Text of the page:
To the east of Stokes Bay is Fort Gilkicker, which was built in 1871 to guard the headland and the western approaches to Portsmouth Harbour and housed 22 gun emplacements. It was used in both world wars to protect Portsmouth and air attacks and fell into disrepair shortly after 1945; it is on the Buildings at Risk Register and support is being sought for its conservation and for an alternative use.
There was also a pier, adjacent to Gosport and Fareham Inshore Rescue Lifeboat station, from which a ferry service ran which was the quickest crossing to the Isle of Wight. The pier had a railway station, opened 6 April 1863, which had a branch line (Stokes Bay Line) from the Fareham to Gosport Line. This railway stopped running services to the pier on 1 November 1915 and sold the land to the Admiralty in 1922. The line was not as popular as the Portsmouth to Ryde crossing although the journey from London was longer than from Portsmouth. Most of the railway line is a cycle path.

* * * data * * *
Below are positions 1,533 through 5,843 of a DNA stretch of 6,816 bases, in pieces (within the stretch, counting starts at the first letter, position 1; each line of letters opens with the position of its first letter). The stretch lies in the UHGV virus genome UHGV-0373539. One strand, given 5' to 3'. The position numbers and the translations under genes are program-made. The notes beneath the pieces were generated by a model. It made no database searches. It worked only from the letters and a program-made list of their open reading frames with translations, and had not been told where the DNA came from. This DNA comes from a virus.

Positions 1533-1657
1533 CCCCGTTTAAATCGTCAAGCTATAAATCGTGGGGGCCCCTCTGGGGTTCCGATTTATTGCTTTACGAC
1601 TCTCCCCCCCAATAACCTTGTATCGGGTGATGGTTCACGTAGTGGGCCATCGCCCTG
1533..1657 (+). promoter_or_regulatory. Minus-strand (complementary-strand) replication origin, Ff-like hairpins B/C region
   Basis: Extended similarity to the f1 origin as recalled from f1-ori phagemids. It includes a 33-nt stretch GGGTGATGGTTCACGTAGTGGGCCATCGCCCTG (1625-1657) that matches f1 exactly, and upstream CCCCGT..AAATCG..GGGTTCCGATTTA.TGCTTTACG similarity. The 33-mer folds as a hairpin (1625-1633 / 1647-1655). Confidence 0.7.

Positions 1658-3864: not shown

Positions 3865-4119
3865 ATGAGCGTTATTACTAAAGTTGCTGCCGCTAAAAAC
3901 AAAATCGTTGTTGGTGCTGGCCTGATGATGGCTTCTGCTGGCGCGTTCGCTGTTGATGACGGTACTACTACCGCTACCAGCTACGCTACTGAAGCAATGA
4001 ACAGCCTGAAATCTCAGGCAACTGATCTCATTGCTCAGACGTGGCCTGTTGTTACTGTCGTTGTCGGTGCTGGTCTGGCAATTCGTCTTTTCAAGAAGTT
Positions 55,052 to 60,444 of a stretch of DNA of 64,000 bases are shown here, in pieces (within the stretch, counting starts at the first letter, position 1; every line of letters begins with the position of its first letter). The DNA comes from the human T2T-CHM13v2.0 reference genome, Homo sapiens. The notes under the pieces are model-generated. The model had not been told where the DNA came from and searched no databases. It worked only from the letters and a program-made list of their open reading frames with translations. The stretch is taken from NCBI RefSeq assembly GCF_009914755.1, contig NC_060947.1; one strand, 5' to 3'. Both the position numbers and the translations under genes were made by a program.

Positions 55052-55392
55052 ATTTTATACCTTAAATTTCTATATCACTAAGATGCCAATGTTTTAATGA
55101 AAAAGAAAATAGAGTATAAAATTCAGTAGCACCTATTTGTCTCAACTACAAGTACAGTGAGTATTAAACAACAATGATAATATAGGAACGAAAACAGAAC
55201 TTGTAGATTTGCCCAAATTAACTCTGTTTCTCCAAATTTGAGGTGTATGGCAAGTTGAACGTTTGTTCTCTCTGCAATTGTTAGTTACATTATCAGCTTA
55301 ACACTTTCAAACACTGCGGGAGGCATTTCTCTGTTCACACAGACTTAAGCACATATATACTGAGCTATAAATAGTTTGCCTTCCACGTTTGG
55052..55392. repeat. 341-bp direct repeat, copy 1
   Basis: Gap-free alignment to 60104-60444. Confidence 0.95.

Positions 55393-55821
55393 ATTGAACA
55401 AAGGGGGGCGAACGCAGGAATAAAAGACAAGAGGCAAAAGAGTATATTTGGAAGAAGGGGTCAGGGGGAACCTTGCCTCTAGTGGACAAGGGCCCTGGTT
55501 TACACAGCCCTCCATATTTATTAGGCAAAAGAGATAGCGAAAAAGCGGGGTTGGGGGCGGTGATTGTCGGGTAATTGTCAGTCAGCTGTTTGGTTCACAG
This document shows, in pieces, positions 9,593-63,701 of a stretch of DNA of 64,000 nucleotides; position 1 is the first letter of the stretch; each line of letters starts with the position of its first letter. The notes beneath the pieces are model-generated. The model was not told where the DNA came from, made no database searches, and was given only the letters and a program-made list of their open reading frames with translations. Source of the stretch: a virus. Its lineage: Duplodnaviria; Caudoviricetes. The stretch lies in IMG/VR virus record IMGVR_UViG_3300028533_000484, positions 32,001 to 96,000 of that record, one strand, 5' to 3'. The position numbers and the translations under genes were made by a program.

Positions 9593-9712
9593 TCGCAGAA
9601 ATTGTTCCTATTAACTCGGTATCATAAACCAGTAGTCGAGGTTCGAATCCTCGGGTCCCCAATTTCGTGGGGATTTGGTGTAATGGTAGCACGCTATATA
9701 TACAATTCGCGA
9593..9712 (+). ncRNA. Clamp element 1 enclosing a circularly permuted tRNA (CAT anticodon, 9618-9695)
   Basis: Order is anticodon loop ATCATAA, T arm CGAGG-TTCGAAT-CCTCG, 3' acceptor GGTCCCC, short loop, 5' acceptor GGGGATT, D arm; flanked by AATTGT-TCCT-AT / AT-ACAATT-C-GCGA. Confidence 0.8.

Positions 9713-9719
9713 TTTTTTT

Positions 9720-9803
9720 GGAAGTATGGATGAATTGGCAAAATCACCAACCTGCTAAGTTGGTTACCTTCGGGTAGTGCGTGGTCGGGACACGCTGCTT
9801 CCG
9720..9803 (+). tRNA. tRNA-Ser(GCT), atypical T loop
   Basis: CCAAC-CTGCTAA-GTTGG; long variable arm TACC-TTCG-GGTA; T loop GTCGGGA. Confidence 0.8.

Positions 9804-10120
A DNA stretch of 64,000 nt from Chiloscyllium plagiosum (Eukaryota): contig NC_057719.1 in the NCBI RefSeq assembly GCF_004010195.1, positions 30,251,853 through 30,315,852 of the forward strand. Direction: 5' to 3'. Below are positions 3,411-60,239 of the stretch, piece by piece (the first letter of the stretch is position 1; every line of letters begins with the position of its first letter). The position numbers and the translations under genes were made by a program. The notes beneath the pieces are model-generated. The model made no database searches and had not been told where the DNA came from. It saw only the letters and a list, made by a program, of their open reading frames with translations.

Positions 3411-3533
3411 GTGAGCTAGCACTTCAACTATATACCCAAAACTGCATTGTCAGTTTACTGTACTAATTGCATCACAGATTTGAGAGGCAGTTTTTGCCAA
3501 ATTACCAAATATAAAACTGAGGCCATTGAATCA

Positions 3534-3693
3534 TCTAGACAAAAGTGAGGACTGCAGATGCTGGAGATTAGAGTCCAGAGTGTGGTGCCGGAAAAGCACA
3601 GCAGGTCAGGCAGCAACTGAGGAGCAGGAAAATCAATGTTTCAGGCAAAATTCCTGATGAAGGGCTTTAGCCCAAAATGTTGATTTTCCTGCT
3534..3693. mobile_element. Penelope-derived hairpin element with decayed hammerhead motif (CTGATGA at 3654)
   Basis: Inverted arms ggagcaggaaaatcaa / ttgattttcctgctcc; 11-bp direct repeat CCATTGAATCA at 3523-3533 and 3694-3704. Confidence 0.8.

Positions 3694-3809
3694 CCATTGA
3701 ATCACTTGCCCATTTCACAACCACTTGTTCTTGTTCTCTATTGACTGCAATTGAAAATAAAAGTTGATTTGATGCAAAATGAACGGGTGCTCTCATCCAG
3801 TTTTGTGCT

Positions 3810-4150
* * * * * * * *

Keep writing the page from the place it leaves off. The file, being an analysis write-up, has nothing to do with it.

The Admiralty used the pier from 1922 to transport munitions and fuel and had a narrow gauge railway line which replaced the branch line. The pier was then used as a torpedo station and fell into disrepair before being demolished in the late 1970s. In June 1944, landing craft embarked from Stokes Bay for France as part of Operation Overlord, the Allied invasion of Normandy.
The Solent opposite Stokes Bay is often used by extremely large warships (e.g. US supercarriers) to anchor, as Portsmouth Harbour is not deep enough to berth them. It has also been the site of many fleet reviews, the most recent being to celebrate the 200th anniversary of the Battle of Trafalgar in 2005.